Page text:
Infinity War is good, clean fun. Perhaps too good and too clean. In order put the jigsaw pieces together, all of the rough edges have been sanded off. Anything that might generate friction has been stripped away, creating the impression of a very smooth and very functional storytelling engine. Midway through the film, Thor ruminates upon the existence of fate and how it has led him towards this particular moment and beyond to a greater purpose. Doctor Steven Strange perceives one single happy ending to this crisis.

There is a sense that Thor and Strange perceive the vast narrative machine of Infinity War working around them. It is an impressive machine, if a somewhat inhuman one.

Things look pretty Stark.

If the Marvel Cinematic Universe could be described as a television series, it is worth asking which television series. Infinity War suggests an interesting answer, effectively positioning the Marvel Cinematic Universe as a four-colour PG-13 version of Game of Thrones. The similarities suggest themselves: a universe readily divided into realms and kingdoms, each with their own centres of powers; mysterious and ominous forces moving in the darkness; magic and rationality at odds with one another. Characters like T’Challa and Steven Strange would certainly feel at home in Westeros, kings and sorcerers.

This comparison makes a great deal of sense. After all, there is an argument to be made that Game of Thrones is the only true watercooler television that still exists, and that it might be the last piece of television that has enough weight to anchor a shared cultural conversation in the age of peak prestige television. As sprawling blockbusters, the Marvel Studios films aim to ground themselves within that cultural conversation, to provide a shared communal experience and to become part of a broad frame of reference. Game of Thrones is not a bad template from which to build.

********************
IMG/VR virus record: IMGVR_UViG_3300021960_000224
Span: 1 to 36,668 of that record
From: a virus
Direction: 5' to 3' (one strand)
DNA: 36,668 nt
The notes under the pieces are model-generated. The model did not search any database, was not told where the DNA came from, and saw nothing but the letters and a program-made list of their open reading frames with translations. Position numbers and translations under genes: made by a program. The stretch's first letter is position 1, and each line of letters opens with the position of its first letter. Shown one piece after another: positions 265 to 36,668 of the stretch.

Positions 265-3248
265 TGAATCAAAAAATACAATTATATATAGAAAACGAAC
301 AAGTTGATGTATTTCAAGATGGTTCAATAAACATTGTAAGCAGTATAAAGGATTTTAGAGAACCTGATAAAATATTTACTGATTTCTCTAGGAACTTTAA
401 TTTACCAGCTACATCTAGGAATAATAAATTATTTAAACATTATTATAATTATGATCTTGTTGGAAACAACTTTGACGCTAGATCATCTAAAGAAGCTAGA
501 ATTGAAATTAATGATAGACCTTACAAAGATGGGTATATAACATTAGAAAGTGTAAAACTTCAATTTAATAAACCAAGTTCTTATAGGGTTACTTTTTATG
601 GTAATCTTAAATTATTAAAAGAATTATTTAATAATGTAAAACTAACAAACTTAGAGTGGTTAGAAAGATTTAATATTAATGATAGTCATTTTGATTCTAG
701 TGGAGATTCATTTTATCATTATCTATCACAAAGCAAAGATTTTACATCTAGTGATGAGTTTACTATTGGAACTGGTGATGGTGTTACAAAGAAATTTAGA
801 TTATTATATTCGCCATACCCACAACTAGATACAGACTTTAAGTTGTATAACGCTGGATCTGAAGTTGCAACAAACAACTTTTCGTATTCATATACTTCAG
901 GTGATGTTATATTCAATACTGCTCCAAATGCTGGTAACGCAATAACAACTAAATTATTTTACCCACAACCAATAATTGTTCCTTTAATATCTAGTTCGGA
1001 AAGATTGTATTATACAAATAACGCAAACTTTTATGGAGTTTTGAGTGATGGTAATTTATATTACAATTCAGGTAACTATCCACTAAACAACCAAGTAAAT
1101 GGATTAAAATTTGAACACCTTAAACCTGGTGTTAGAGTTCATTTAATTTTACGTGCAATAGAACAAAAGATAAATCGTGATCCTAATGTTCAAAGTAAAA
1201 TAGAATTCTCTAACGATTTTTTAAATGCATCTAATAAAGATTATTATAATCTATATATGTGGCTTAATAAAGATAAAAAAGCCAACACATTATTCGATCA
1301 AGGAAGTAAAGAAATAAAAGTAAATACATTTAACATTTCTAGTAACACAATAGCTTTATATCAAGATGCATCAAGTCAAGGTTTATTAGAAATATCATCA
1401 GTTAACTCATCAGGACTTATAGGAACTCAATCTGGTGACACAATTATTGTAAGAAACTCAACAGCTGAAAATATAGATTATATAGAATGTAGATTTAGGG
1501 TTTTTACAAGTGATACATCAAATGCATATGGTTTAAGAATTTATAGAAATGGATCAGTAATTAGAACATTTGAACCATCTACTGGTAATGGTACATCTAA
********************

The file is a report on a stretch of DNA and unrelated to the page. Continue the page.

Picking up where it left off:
All men must die.
And whatever Thor is, possibly.

Of course, this is not the first time that the Marvel Universe has been modelled upon George R.R. Martin’s beloved fantasy epic. Game of Thrones was a massive influence on Jonathan Hickman’s recent run on Avengers and New Avengers, which focused on the powers and principalities of the shared Marvel Universe, of the plotting of kings and leaders in the face of horrific inevitability. Hickman’s run borrowed from the language and iconography of Game of Thrones, with references to “the wheel” and “a king’s morality.”

Hickman’s run has been a major influence on this stage of the Marvel Cinematic Universe, as demonstrated by everything from the central themes of Black Panther to T’Challa’s pre-beatdown one-line to Ulysses Klaw in the same movie. Hickman’s influence is all over Infinity War. Thanos’ henchmen are drawn from the pages of his massive crossover Infinity, along with specific beats like the Ebony Maw’s torture of Stephen Strange and the attack upon Wakanda to secure the last of the Infinity Gems.

The power of a sun, in the palm of your hand.